- Lower Trunk Rotation. Although we often think about stretching front and back, the rotation of our hips and lower torso is frequently forgotten. This stretch is a great way to keep our lower bodies moving fluidly. Lying on your back (again, use a pillow under your head for comfort if needed), bring your knees together. Keeping the back flat, and the feet together, rotate to one side, just until you feel lengthening in the opposite side. If you need to, place a pillow under your knees for support so that you can soften into the stretch (this isn’t about how far you can drop your knees, but feeling that lengthening). Hold for at least two minutes, then repeat the rotation to the other side.
At some point or another, we’ve all done some stretching. In the gym before P.E. class in grade school, as part of an exercise class or DVD, or even just getting up after sitting at a desk for a long time, we’ve seen and done various techniques to open and elongate and soften our muscles.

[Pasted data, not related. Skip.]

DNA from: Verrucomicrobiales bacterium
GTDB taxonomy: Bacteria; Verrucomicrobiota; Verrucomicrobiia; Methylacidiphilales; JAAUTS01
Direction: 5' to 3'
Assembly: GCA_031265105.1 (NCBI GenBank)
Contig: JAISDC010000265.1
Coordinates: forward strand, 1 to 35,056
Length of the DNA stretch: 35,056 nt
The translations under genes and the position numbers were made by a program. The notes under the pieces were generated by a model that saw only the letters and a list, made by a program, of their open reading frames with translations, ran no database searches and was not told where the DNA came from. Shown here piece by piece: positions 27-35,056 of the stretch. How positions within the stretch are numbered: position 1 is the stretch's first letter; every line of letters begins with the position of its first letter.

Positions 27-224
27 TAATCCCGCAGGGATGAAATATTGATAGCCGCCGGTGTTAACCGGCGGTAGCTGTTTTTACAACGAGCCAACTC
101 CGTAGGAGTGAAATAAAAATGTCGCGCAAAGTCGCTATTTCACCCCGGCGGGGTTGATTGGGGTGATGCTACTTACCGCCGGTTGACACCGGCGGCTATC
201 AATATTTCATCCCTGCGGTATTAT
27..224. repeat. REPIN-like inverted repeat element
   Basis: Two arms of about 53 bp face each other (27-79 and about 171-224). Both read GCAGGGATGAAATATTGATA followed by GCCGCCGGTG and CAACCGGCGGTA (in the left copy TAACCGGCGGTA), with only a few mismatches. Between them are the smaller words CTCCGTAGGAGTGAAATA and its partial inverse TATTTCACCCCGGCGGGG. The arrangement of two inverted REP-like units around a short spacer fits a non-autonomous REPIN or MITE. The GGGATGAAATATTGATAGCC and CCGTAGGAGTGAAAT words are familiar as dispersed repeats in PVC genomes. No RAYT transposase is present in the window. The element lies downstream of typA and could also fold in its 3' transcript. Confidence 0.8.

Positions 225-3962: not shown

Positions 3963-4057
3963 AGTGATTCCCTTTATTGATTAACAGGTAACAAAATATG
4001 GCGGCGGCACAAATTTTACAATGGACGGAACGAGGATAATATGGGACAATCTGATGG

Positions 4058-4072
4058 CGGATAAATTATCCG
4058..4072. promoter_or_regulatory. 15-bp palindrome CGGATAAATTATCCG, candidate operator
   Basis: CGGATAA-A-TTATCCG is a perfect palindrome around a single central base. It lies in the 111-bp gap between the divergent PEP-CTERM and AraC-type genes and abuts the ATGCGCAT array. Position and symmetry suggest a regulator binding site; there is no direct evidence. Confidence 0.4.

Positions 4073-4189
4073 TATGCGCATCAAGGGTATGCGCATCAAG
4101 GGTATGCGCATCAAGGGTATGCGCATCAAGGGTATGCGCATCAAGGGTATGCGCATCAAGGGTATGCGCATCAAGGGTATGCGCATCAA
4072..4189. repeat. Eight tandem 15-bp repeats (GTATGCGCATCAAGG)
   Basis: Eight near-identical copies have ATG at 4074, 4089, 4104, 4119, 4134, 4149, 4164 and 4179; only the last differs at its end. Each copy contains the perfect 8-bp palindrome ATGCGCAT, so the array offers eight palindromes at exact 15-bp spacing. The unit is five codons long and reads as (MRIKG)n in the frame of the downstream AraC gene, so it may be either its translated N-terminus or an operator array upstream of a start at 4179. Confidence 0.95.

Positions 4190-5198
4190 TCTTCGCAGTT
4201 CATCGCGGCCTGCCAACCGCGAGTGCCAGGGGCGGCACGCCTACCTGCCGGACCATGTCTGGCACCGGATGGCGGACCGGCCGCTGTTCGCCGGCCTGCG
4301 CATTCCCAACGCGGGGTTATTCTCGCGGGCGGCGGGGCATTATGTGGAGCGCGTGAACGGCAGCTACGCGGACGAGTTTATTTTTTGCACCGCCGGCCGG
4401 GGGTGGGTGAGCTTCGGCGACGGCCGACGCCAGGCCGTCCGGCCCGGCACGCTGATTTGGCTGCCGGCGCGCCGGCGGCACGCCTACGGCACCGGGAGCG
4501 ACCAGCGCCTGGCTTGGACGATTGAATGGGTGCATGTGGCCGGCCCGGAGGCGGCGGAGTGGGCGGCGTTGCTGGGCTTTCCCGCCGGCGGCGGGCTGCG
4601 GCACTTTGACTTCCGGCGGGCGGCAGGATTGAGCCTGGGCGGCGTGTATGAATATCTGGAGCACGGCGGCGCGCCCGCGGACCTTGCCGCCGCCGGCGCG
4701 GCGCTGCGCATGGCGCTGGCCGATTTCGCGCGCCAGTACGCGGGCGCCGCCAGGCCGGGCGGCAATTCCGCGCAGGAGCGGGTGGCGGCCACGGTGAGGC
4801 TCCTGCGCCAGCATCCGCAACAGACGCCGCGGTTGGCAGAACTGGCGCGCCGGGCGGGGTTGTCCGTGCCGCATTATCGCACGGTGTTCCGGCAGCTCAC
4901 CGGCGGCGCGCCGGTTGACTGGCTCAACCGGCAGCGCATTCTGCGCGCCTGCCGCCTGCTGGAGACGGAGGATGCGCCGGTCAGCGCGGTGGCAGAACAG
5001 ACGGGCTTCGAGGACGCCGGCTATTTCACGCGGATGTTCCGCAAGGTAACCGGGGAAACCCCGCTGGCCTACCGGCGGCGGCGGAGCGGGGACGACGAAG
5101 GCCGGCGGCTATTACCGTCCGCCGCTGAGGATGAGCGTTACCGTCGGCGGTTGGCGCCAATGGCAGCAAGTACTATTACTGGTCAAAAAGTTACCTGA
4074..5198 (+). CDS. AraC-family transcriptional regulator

But have you ever wondered how effective some of those stretches have been? Many of us stretch to prevent injury, to help with recovery, or to reduce pain. Traditional stretching, which is what most of us have experienced, moves a muscle to its end range, holds it there briefly (usually from ten to twenty seconds), and then releases the stretch. While this can be helpful, it misses out on a large component of our body tissue.